Speaking of hooves, in my post about Lilly's most recent trim, there was some discussion about rasping hoof walls vs not rasping hoof walls. Just like with anything else horse related, there are a lot of different opinions on the subject. I think everyone has such a varied opinion because our horses are all so different. They're all on different terrain, have different nutritional requirements, and live in different environments. All of these variables can lead to different problems and the hooves can show different results even when the same techniques are used. Since each horse is different, what works for one horse might be completely wrong for another.

What works for my horse is rasping her hoof walls and this post is about my horse and her specific problem. I've seen the results first hand, and there are a number of reasons why it works for her. I went straight to the source (my trimmer and my trimmer's mentor) to get the details, specifics, and reasons. Their direct quotes are in italics.

First, the most important thing to keep in mind where my horse is concerned, is that she is in a period of "hoof rehab". If she was a normal horse, one who is lucky enough to have nearly perfect hooves, there would be no reason to touch the hoof wall with a rasp, except maybe to round the toes.

Looking at the big picture, we need to rasp her hoof wall to bring the hooves back into symmetry and establish a good pastern angle. In order to do that, we have to pull back her toes, which are way too long and way too forward. By bringing back the toes, we help bring the breakover back over the coffin bone, eliminating how hard the coffin bone has to work against her inner sole, and placing Lilly's weight back in the center of her hoof where it belongs. There is an ideal center pivot point in every foot. Working the outer wall will help to re-establish that balance point.

Generally speaking, most farriers and trimmers will rasp the hoof wall to remove flares. Flares are, of course, a sign of hoof imbalance, but they're removed so the new hoof growth doesn't follow the same deviated path, also becoming flared.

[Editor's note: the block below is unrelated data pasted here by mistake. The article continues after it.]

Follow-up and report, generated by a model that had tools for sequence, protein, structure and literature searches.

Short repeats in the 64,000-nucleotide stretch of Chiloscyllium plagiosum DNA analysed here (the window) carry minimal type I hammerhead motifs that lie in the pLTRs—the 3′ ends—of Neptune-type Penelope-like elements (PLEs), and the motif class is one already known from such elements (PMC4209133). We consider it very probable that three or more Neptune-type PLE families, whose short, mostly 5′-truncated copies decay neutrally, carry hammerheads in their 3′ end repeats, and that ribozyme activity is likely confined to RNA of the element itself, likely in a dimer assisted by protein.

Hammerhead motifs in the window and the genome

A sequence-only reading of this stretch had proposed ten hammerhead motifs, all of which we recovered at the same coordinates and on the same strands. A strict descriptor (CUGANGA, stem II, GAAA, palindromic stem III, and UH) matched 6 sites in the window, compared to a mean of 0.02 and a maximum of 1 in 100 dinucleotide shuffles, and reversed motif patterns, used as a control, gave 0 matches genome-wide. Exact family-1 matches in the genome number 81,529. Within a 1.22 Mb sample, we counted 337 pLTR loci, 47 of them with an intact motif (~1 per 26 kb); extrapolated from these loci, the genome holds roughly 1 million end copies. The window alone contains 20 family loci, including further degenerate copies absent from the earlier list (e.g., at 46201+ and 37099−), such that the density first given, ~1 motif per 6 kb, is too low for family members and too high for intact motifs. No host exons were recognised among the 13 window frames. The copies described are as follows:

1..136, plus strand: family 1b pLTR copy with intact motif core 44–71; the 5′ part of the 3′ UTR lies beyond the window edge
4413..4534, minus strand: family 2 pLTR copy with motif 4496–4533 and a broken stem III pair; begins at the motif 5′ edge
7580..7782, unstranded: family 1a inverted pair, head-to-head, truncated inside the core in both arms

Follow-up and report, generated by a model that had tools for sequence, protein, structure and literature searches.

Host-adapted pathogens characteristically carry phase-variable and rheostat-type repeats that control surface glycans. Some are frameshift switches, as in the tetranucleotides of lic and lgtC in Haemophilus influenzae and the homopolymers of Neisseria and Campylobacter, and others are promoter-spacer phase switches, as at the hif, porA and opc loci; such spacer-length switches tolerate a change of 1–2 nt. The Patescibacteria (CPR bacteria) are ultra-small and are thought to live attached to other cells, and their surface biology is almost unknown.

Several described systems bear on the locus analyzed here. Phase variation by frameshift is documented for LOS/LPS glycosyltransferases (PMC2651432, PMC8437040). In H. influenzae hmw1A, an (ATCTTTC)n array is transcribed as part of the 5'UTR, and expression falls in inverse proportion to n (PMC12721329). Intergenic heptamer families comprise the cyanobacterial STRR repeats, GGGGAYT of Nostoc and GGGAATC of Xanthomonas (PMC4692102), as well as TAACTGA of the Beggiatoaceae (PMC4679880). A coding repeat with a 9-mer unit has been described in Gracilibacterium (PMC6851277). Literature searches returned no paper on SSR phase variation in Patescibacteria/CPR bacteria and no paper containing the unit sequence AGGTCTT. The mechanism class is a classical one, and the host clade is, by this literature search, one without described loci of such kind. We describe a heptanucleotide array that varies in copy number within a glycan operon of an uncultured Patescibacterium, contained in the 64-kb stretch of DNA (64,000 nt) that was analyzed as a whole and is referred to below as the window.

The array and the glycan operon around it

And what is a long toe, really? A flare...

Following the same logic, rasping the hoof wall will remove "growth road blocks" (the growth rings) which jam the hairline, potentially slow down the growth of the hoof, and make it easier for the new growth to deviate from the ideal path of growth.

Relieving stress from the hairline is important because that's one of the main arteries, which feeds the foot its nutrients. If the hairline is jammed, the artery is constricted, thus slowing down the blood flow. We try to relieve that when and where it's necessary; plus, doing so also allows the jammed hoof wall to 'drop out' of the hairline, thus helping to re-establish that good blood flow.

Keeping in mind that the lamina grows from the hairline and the hoof wall grows from the lamina (from the inside out), then rasping the hoof wall is not a dangerous thing to do. If for some reason the hoof wall is thinned too much, the lamina will replace the wall from the inside out.

Once Lilly has established the kind of hooves I dream about (similar to her back hooves!), there won't be a need to do much work on her hoof wall. Until that time, for all the benefits mentioned above, it is absolutely necessary for her, and is producing noticeable results.

I am interested in opinions, ideas, comments, or accusations that I recently busted out of the crazy house. Hooves continue to fascinate me and I enjoy learning from all of you.

Thursday, November 3, 2011

The Drama Queen

It's a beautiful, fall day in North Carolina... a perfect day to get some pictures of the horses at the barn. Some of the residents were quite uncooperative, but I managed to snap a few good ones of three of the five geldings.

Music, an OTTB loved very much by his mom.
Trudeau, a PMU gelding with an interesting sense of humor.
Quill, a very accomplished Dressage horse, now enjoying his retirement.
Oh, and remember how I said some of the horses were not cooperative? Yeah, mine was one of them. Cameras can't feed or scratch her, so she has no use for them.

"Hey, mom! Is it time for carrots or scratches?"
"No carrots until after the pictures? I am NOT happy!"
"How's this? One ear up and as enthusiastic as I get about stupid pictures..."
"Extra carrots if I put BOTH ears up and pretend to enjoy this?
"I hope you brought lots of carrots!"